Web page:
I also don’t think UCLA is far behind. Like with USC, I wonder if they can go from challengers to champions, but I also think the talent and potential are there. The quarterback is a question mark, but he’ll have enough support staff around him that by the time they play the likes of Stanford and especially USC, they could be a very good offense.

Clemson has three tough games: Notre Dame, @Miami, and Florida St. If they win all three and the ACC championship, they should be in the top four. I don’t think they will, but top 10 isn’t too much to ask. The defense (4 returning starters) may have a rough time of things, but I don’t think Florida St. and Miami will have the kind of punishing offenses to take advance of it too badly.

LSU is a good place to end because for one I honestly think they’ll be more competitive in the SEC this year, and because I can finish this blog by talking more about them without detracting from other teams.

I really tried to look for reasons not to put LSU in the top 10, but my main concern with the defense is depth in the secondary, I’m not concerned with the whole unit like I am with Clemson. Clemson may have a more solid offense and a better QB situation, that’s why they’re higher, but I don’t see much distance there. I think LSU is still too young to do something like win the SEC (though to be fair I didn’t see that coming in the preseason in 2001 or 2003), but returning starters are returning starters even if they were freshmen starters last year. As the cliché goes, they weren’t freshmen when last season ended. If they can do something like, I don’t know, beat Alabama, that could be a springboard to something really special in 2016.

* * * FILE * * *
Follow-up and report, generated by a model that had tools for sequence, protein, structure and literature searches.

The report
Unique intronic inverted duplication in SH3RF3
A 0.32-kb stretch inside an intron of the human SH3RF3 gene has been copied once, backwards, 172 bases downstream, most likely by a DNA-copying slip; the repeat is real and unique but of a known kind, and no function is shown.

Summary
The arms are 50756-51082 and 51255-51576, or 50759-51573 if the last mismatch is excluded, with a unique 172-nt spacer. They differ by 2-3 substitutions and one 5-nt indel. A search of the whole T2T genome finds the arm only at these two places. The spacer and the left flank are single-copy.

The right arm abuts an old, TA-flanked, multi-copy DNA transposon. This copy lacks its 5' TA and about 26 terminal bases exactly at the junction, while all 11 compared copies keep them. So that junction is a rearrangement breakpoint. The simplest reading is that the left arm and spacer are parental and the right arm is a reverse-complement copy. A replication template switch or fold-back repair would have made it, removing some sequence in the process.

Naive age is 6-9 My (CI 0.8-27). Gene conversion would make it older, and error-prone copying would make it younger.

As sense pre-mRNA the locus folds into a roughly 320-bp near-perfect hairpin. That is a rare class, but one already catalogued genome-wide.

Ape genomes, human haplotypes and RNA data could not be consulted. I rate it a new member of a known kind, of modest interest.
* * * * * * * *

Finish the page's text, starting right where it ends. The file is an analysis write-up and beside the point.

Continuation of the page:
I just want to mention something that’s bothering me. People are saying Saban has Les Miles’ number, but two of the past three years, Alabama did not have a good game against LSU. Instead of continuing to run over the defense, LSU played for a field goal in 2012 (which they missed and which started Alabama’s game winning drive).

I touched on last season earlier, but LSU had the ball with goal to go and under two minutes left in a tie game. A little mutual physicality after a play somehow got LSU a personal foul (but not Alabama) and stopped the clock. LSU had little choice but to play for a field goal to take the lead. Then LSU’s squib kick on a kickoff (which they might have kicked deep had there been less time on the clock) was a little too diagonal and bounced out of bounds, eventually setting up the tying field goal. I’m not saying not to give Alabama credit for their respective winning and tying drives, but that’s not Alabama or Nick Saban having LSU’s or Les Miles’ number. Now if by “has his number” they mean he’s been getting the breaks, then absolutely; but that type of thing doesn’t typically last forever. The shoe was on the other foot not too long ago.

Let’s not forget that last year Alabama had a top-four team and LSU didn’t even have a top-25 team. The game this year is at Alabama, but the road team has a consistent historical edge in the series. LSU last won in Tuscaloosa in 2011 before losing to the Tide in the rematch two months later. So the Alabama win in 2013 was the only win by a home team in the series since 2010. LSU could also easily lose a revenge game to Ole Miss or Texas A&M or possibly lose again to one of the teams who beat the Tigers last year. That type of thing is less likely for Alabama even if they finally do lose one to LSU.